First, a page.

John Rebus (Ron Donachie) may be retired from the police force, but old ghosts – and old cases – continue to haunt him. The culmination of a twenty-five year investigation intended to put the notorious murderer Mordaunt behind bars looks set to be compromised by Rebus’ rash action from several decades ago. Added to this, he becomes obsessed with solving a cold-case murder ….
This afternoon’s performance of Rebus: Long Shadows saw understudies stepping into two key roles – Dani Heron as Rebus’ protégée Siobhan Clarke (replacing Cathy Tyson) and Andy Paterson as crime kingpin and Rebus’ nemesis ‘Big Ger’ Cafferty (replacing John Stahl).
Whilst the indisposition of the ‘name’ actors was initially slightly disappointing, I have no complaints with either Heron and Paterson, who were both excellent.
Paterson’s performance was especially fascinating since he appears to be a very different character type to John Stahl. Whilst I suspect that Cathy Tyson’s performance wouldn’t have been too dissimilar to Dani Heron’s, I’m slightly intrigued as to how Stahl would have tackled the role of Cafferty.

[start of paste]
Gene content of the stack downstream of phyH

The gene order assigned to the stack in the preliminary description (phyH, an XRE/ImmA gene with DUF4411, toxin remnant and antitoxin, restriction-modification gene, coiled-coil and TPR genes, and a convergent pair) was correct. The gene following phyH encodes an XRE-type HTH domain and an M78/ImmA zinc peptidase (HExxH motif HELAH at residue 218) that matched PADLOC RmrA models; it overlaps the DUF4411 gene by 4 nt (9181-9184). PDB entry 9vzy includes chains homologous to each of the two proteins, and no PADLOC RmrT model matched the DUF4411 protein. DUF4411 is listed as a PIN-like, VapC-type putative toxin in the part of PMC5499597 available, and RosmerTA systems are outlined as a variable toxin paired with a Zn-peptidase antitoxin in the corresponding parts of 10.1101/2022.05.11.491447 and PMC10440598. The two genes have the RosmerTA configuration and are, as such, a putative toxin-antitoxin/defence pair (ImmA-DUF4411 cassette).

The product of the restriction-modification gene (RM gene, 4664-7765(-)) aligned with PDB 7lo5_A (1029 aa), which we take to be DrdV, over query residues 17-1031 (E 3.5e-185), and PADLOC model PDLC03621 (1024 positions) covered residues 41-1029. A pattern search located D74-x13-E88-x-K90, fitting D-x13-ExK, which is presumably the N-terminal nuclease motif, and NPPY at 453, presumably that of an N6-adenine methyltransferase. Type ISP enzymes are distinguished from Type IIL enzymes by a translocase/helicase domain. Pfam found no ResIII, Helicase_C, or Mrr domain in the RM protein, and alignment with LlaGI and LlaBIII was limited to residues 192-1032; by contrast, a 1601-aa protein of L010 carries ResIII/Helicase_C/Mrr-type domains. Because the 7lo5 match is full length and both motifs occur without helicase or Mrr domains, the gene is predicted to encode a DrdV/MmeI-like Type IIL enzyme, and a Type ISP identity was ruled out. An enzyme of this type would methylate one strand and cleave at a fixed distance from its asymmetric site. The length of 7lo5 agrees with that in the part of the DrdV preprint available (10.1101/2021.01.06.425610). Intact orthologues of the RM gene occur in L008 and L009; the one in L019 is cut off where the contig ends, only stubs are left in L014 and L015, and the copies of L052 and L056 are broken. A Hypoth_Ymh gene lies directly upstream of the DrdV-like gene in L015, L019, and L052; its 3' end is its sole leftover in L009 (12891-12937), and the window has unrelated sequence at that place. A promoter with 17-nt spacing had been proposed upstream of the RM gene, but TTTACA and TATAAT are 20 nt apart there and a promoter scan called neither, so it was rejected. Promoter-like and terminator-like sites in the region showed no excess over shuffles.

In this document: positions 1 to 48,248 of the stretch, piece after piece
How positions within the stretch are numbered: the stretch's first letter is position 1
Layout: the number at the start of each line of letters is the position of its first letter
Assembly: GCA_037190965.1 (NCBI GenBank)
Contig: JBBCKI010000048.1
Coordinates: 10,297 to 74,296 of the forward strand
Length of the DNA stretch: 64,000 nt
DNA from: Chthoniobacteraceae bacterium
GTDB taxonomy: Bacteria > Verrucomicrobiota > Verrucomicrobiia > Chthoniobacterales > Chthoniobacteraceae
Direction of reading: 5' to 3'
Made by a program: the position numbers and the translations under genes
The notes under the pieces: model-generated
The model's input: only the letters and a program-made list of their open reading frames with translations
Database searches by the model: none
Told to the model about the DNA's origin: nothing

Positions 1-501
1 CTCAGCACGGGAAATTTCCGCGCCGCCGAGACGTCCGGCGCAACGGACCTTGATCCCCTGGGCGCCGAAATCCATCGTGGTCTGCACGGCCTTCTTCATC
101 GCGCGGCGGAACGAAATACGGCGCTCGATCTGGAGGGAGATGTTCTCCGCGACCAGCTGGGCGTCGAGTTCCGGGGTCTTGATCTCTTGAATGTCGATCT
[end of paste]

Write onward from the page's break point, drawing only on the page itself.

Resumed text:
Presumably he would have been more physically imposing (as well as being a similar age to Rebus) but the younger Paterson’s take on the character was very appealing – a louche playboy encased in an ivory tower, with only Sheena Easton’s greatest hits for company.
Dani Heron’s DI Clarke was equally well-played – her gradual disenchantment with Rebus, for example – and whilst it wasn’t the largest part (one key scene in the first act, more of interest in act two) Heron was certainly good value.
Ellen Bannermen and Eleanor House operated as a ghostly chorus, two long dead victims pleading for justice. This probably would have worked better had they’d been used more sparingly – when they pop up for the tenth or so time to berate the whisky-sodden Rebus you do get the feeling that you’ve seen and heard it all before.
Ron Donachie provided a solid centre to the play as John Rebus. Pretty much onstage throughout, he pitched his performance just right (this Rebus might be physically declining but still possesses the cunning of a street-fighter).
Rona Munro’s adaptation of Ian Rankin’s original story is a brisk, efficient affair. There are some twists and turns along the way, although no major shocks. A decent way to kick off my 2019 theatre-going, Rebus: Long Shadows doesn’t have the same depth as Ian Rankin’s novels but is still a decent crime story in its own right.